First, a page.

Piranha 3D (United States, 2010)August 30, 2010
Seen in standard (non-IMAX) 3D.
A review of Piranha 3D is superfluous - the movie is what it is and does what any good exploitation film should do. Unfortunately, that's a lot more than many entries into the crowded genre can claim. 3D aside (more about that later), Piranha 3D delivers the goods - bikinis, boobs, bodies, and blood. Director Alexandre Aja successfully navigates the choppy waters of shifting cinematic tone; he may frequently have his tongue planted in his cheek, but that doesn't prevent him from generating intense moments in which the character identification is strong enough for there to be some suspense.
A loose remake of the 1978 Joe Dante vehicle, Piranha, this movie owes as much to Jaws as it does to its forebear. In fact, Aja references Spielberg's classic so many times that we expect the shark to make a cameo. Piranha 3D copies some of Jaws' underwater shots, uses strains of John Williams' iconic music in the score, and even brings back good old Matt Hooper. Now, the name "Hooper" isn't used (for legal reasons, I assume) but the character is called "Matt," he's played by Richard Dreyfuss, and has an affinity for "Show Me the Way to Go Home." 'Nuff said. This prologue, by the way, is presented in such a manner that it works differently for those who have seen Jaws than for those who haven't.
For most of Piranha 3D, Aja skates along the line separating satire/camp from horror without straying into the realm of outright parody. But he clearly enjoys having fun with the conventions of the genre. There's a naughty skinny dipping scene in which the naked women (Kelly Brook, Riley Steele) perform an underwater ballet that is not without… ahem… artistic qualities. The gore is excessive and over-the-top, as would be expected. And there are appearances of varying length by actors with recognizable names like Elisabeth Shue, Ving Rhames, Christopher Lloyd, and the aforementioned Dreyfuss, who has openly chuckled about the size of his paycheck. Most of the heavy lifting, at least insofar as the "acting" is concerned, is performed by Shue, Steven R. McQueen, and Jerry O'Connell.
The story is set during Spring Break at Lake Victoria (Arizona). The local sheriff, Julie Forester (Shue), has a full plate this year. Not only has her town been overrun by unruly teenagers, but there's a mysterious death to be accounted for. She worries that something unsavory is lurking beneath the surface of the lake, but not even she suspects the large school of mutant piranhas that are down there, waiting to fill up their bellies with oversexed, underdressed college kids. Accompanied by her faithful deputy sidekick (Rhames), Julie goes out to keep order, commanding her 18-year-old son, Jake (Steven R. McQueen), to watch his younger sister and brother. More interested in being a tour guide for Wild Wild Girls empresario Derrick Jones (Jerry O'Connell, who has boasted he's playing Joe Francis, the sleazy Girls Gone Wild honcho) than in experiencing any adventures in babysitting, Jake pays his siblings cash to keep quiet and stay out of trouble. He goes out on a boat with Derrick, two often-naked women, and Kelly (Jessica Szohr), the girl he has a crush on. All of this, wet t-shirt contest included, occurs as the hungry piranhas get closer.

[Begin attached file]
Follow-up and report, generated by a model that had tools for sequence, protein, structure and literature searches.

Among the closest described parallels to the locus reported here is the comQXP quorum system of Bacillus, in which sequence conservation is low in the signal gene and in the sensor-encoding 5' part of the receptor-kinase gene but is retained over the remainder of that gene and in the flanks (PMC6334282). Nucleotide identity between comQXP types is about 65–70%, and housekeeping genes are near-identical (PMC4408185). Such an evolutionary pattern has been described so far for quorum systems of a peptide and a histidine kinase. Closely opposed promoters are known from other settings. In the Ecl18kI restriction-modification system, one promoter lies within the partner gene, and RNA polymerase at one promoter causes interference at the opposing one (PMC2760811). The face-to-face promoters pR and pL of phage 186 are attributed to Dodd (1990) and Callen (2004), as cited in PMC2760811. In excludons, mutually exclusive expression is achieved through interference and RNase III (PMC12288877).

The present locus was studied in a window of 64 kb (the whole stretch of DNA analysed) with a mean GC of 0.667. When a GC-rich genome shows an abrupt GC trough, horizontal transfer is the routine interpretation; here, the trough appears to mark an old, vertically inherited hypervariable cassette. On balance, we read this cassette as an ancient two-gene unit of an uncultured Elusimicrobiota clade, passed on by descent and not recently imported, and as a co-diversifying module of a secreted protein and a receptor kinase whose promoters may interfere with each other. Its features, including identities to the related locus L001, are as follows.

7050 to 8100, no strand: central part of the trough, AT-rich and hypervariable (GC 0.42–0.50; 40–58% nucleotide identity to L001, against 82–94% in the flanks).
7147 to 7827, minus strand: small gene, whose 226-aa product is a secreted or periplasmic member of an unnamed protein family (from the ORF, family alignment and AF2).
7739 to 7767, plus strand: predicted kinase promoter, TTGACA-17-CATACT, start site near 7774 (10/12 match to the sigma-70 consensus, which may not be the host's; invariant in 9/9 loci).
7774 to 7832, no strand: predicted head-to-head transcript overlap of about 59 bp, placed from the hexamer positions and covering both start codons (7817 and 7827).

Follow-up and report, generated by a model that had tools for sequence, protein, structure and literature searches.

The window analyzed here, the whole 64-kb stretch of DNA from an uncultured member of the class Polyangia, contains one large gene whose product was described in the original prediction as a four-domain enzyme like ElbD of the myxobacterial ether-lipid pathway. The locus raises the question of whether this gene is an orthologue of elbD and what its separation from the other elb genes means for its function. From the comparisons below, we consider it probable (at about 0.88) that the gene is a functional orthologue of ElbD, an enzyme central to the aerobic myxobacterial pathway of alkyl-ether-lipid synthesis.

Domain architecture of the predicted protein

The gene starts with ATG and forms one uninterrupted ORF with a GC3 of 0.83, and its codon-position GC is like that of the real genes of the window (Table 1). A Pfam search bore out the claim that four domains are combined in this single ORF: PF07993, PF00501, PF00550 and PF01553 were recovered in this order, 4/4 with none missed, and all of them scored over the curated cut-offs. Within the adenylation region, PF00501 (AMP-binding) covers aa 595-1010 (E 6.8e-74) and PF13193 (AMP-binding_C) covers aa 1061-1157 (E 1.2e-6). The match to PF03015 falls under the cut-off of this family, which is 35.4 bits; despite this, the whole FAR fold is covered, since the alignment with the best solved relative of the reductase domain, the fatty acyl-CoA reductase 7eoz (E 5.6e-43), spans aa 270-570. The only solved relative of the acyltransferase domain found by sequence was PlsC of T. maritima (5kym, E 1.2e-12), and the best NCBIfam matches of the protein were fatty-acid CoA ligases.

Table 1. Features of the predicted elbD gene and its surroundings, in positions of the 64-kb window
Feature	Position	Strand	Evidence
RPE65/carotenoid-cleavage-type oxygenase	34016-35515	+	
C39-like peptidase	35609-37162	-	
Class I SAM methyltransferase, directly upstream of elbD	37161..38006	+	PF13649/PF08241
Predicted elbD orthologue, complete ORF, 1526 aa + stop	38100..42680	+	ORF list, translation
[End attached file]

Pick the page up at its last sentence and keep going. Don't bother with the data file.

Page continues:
For B-movie exploitation fans, there's little (if anything) that Piranha 3D doesn't offer. Those who prefer more straightforward horror/monster movies may at times become irritated by all the winking and nodding done by Aja, but the man (whose previous credits include High Tension and the remake of The Hills Have Eyes) understands how to employ shock tactics even in something like this. Piranha 3D isn't played strictly for laughs. In fact, significant portions are intended to be taken seriously - at least as seriously as a movie about man-eating killer fish can be taken. Of course, there's plenty of humor. One of the best visual gags involves a piranha's reaction to something floating in the water that may or may not be edible. And when a stripper is devoured, two parts of her anatomy prove to be indigestible.
It wouldn't be Piranha 3D without the "3D," but it would be less expensive and more enjoyable. Once again, a movie is visually damaged by a shoddy 2D-to-3D conversion. The opening credits are almost unreadable and there are scenes that are blurry and indistinct. To his credit, Aja has corrected the brightness problem - the movie does not look like it's taking place in a cave. There are also some retro 3D shots, like a girl vomiting at the audience, that hearken back to "classic" 3D, when it was an unapologetic gimmick. Most of the time, however, the 3D is unremarkable and unnecessary - a means of jacking up the ticket price by 40%. For those who think the sight of two naked women cavorting underwater in 3D is worth the extra money, let me disabuse you of that notion - the scene will look just as good in 2D. Probably better, in fact.
Ultimately, Piranha 3D is like Sex and the City 2. Those with interest have already seen it; everyone else has given it a wide berth. It will please adherents of the genre and gross-out those with less bloody appetites. Bottom line: it's good, dirty fun and Aja should be applauded for understanding the genre and delivering exactly what the audience wants and expects. Plus, the cliffhanger/punch-line ending need not cause even a moment's frustration (although it's still worth a hearty chuckle), since Piranha 2-3D has already been announced.
Piranha 3D (United States, 2010)
Theatrical Aspect Ratio: 2.35:1
Screenplay: Peter Goldfinger & Josh Stolberg
Cinematography: John R. Leonetti
Music: Michael Wandmacher